Magazine article The Fader

Jenny Wilson's Rhythm and Blues

Magazine article The Fader

Jenny Wilson's Rhythm and Blues

Article excerpt

Norwegian television show recently took jenny Wilson to a carpentry studio to film her performing "Wooden Chair," the first single from her new album, Hardships. To approximate the album's heaps of organized patter, the song's instruments were translated into dowels and rubber mallets. Before wandering the open room, Wilson sat with solid posture wearing a crooked beret and bright blue eye shadow. Both of my feet wanna march right out of the room, she sang. It's like a steaming fever and I don't feel fine/ I wanna leave you baby but our veins are entwined. When the song ended, she laughed.

[ILLUSTRATION OMITTED]

I listened to Jenny Wilson's albums in reverse chronological order, and to be totally honest, I wasn't really that into her first solo record. But she says her eight-year-old son likes that one better than the splendid Hardships. "He's not so impressed with my new album, actually. He was like 'l thought Love and Youth was much better,' and I was like, 'What the fuck are you telling your mama?"' It could be that he doesn't like the spotlight, as much of Hardships' lyrics focus on Wilson's personal difficulties and triumphs in motherhood. She's a Swedish Minnie Riperton, all sultry heartache and gritty fight. Love and Youth is a smooth, professional album, whereas Hardships blossoms because Wilson abandoned solid rock structure, letting clattering R&B narrate the songs.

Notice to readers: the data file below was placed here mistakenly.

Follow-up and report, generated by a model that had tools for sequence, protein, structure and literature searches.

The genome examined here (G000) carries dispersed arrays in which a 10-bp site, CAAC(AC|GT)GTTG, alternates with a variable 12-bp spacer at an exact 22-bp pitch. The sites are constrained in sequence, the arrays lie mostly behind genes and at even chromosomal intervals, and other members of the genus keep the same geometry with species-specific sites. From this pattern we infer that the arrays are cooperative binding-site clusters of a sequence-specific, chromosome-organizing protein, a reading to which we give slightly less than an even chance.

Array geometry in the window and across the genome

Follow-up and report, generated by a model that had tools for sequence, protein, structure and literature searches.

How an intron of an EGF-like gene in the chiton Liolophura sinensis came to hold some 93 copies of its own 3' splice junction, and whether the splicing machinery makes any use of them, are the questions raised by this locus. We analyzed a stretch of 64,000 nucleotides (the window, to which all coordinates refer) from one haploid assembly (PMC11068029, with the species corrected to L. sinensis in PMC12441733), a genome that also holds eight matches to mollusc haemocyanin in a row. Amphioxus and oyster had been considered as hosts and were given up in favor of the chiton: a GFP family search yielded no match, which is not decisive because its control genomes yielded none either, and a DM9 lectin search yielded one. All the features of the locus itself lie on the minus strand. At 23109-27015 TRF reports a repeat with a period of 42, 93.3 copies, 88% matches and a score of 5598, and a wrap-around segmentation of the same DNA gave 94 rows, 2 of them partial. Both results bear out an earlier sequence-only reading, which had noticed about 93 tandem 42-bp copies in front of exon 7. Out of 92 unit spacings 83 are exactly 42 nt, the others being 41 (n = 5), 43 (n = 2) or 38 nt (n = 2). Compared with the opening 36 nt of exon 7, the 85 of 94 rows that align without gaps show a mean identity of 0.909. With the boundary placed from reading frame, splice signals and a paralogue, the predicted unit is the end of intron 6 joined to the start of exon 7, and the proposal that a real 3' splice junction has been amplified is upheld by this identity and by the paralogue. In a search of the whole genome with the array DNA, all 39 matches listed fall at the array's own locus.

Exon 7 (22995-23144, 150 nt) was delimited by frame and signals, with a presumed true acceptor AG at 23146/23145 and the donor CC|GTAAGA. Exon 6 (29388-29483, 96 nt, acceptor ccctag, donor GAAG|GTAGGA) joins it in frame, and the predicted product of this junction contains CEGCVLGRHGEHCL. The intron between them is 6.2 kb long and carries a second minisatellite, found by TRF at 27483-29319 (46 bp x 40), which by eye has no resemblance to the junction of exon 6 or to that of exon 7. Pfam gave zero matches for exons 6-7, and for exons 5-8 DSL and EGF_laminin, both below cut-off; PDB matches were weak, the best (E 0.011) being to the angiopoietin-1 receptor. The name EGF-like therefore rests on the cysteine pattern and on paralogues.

Over the phone from Stockholm, Wilson sings the title line from Whitney Houston's 1999 single "It's Not Right But It's Okay," and cites that song's use of kalimba--a thumb piano--as inspiration. …

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